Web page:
Skip to content. | Skip to navigation

Personal tools
You are here: Home EU books Digital Companies and Their Fair Share of Taxes: Myths and Misconceptions

Digital Companies and Their Fair Share of Taxes: Myths and Misconceptions

Author: Dr Matthias Bauer, Senior Economist
Price FREE
Publisher European Centre for International Political Economy (ECIPE)
Publication date 20 February 2018
Publication synopsis Some (large) EU governments are making the case for digital companies to pay “their fair share of tax”. The key underlying assumption is that companies in the digital space are not doing so right now, and that there is a substantial source of untaxed profits that is waiting for the embrace of the taxman. The European Commission is now considering new revenue taxes on those companies that under some definition can be called “digital corporations”. In this paper, we provide a critical assessment of the underlying reasoning of the European Commission and those EU governments that currently are in favour of targeted taxes on digital revenues. There is indeed a good case to make for fair taxation and that uneven effective tax rates can distort competition and lead to smaller tax revenues. However, those that are calling for higher taxes on one particular group of firms – digital corporations – have yet to present the evidence for why that is motivated by principles of tax fairness. The selective focus on the world’s “top 100 companies by market capitalisation” and the world’s “top 5 e-commerce companies” does not reflect the reality of the international business landscape, and therefore conveys a highly misleading picture about European and international companies’ profit margins and effective corporate tax rates. Moreover, real world financial data show that the average corporate tax rates of many digital companies actually exceed the European Commission’s “hypothetical" estimates for the EU by about 20 to 50 percentage points. Ideas to slap a targeted tax on digital revenues clash with the EU’s top policy priorities for the digital economy. It is therefore remarkable that such taxes even are considered. A tax on digital revenues would not only stand in opposition to tax efficiency and neutrality; it would also undermine digitalisation, European integration, and the Digital Single Market.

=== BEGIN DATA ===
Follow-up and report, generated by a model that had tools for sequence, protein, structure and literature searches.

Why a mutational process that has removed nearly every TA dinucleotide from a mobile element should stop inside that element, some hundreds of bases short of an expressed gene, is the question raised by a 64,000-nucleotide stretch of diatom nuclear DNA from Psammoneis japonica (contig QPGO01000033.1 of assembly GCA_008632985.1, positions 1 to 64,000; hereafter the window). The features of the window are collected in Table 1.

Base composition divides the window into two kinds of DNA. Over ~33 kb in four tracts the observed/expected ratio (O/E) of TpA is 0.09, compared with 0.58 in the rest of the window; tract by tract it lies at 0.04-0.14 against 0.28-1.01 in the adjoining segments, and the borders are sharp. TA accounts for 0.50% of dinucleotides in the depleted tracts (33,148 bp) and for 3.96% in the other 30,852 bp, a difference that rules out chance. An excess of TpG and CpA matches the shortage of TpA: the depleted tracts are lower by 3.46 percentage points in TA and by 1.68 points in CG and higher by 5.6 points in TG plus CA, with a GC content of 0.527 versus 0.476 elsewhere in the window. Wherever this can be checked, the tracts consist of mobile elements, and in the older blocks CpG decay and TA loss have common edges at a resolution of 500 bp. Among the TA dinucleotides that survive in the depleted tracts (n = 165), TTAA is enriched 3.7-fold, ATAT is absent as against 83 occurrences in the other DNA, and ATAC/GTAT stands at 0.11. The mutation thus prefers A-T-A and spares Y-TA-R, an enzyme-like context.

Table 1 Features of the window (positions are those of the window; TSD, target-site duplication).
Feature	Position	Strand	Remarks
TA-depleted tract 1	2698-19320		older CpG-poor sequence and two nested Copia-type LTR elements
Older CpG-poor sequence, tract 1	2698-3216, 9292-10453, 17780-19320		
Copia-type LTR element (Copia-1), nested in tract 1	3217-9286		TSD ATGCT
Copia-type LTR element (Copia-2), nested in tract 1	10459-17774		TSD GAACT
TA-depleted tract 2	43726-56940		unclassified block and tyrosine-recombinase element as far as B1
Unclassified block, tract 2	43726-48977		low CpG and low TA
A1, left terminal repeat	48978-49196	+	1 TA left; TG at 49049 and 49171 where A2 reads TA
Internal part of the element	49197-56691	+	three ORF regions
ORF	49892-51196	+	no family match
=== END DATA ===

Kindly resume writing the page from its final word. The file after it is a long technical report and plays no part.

Get it now online..